Deer have such a multi-chambered stomach, as with all ruminants, which is used for better utilization of the plant food. As an adaptation to the indigestible plant food, artiodactyls have some peculiarities of the digestive tract developed which are especially strong in ruminants. The mouth often has additional salivary glands and the oral mucosa is often heavily callused to avoid injury from hard plant parts and to allow easier transport of roughly chewed food.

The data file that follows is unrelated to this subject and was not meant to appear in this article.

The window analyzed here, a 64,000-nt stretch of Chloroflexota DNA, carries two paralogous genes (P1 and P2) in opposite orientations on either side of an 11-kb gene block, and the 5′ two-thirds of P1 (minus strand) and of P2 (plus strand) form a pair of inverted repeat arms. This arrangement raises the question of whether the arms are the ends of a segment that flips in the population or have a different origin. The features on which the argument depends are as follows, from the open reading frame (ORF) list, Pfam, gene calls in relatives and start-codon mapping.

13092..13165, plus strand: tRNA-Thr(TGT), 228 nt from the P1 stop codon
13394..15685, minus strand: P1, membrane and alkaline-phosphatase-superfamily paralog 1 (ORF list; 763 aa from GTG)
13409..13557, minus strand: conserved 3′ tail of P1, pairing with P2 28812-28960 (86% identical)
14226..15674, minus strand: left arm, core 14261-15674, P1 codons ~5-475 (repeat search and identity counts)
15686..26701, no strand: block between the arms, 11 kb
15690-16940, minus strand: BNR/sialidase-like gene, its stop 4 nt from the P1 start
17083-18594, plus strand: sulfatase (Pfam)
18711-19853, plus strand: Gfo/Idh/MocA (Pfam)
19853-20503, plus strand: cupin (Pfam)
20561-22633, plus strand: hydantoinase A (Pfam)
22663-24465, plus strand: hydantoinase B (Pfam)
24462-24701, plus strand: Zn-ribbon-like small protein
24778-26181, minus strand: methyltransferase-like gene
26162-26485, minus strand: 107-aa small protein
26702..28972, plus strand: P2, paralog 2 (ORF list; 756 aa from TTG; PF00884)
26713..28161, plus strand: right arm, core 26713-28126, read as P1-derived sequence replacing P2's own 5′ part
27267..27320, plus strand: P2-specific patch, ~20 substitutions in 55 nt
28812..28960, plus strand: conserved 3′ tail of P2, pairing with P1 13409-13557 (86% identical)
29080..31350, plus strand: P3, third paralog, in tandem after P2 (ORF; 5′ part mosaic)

The stomach of ruminants is divided into three to four sections: the rumen, the reticulum, the omasum, and the abomasum. Rumination occurs in the ruminants (Ruminantia and Tylopoda), whereby food is regurgitated and rechewed then broken down by microbes in the stomach. After ingestion of plant material, it is mixed with saliva in the rumen and reticulum and separates into layers of solid and liquid material. The solids lump together to form a bolus (also known as the cud), this is regurgitated by reticular contractions while the glottis is closed. When the bolus enters the mouth, the fluid is squeezed out with the tongue and reswallowed. The bolus is chewed slowly to completely mix it with saliva and to break down the particle size. Ingested food passes to the 'fermentation chamber' (rumen and reticulum) where it is kept in continual motion by rhythmic contractions of this organ. Cellulytic microbes (bacteria, protozoa, and fungi) produce cellulase, which is needed to break down the cellulose found in plant material. Without this mutual symbiosis, ruminants would find plant material indigestible. This form of digestion has two advantages: the indigestible plants are best digested and utilized, and the duration of the actual food consumption is - especially with the unfavorable perception of the environmental posture with the head close to the ground - shortened, which is, in view of the threat of predators, an advantage; rumination can take place in sheltered places.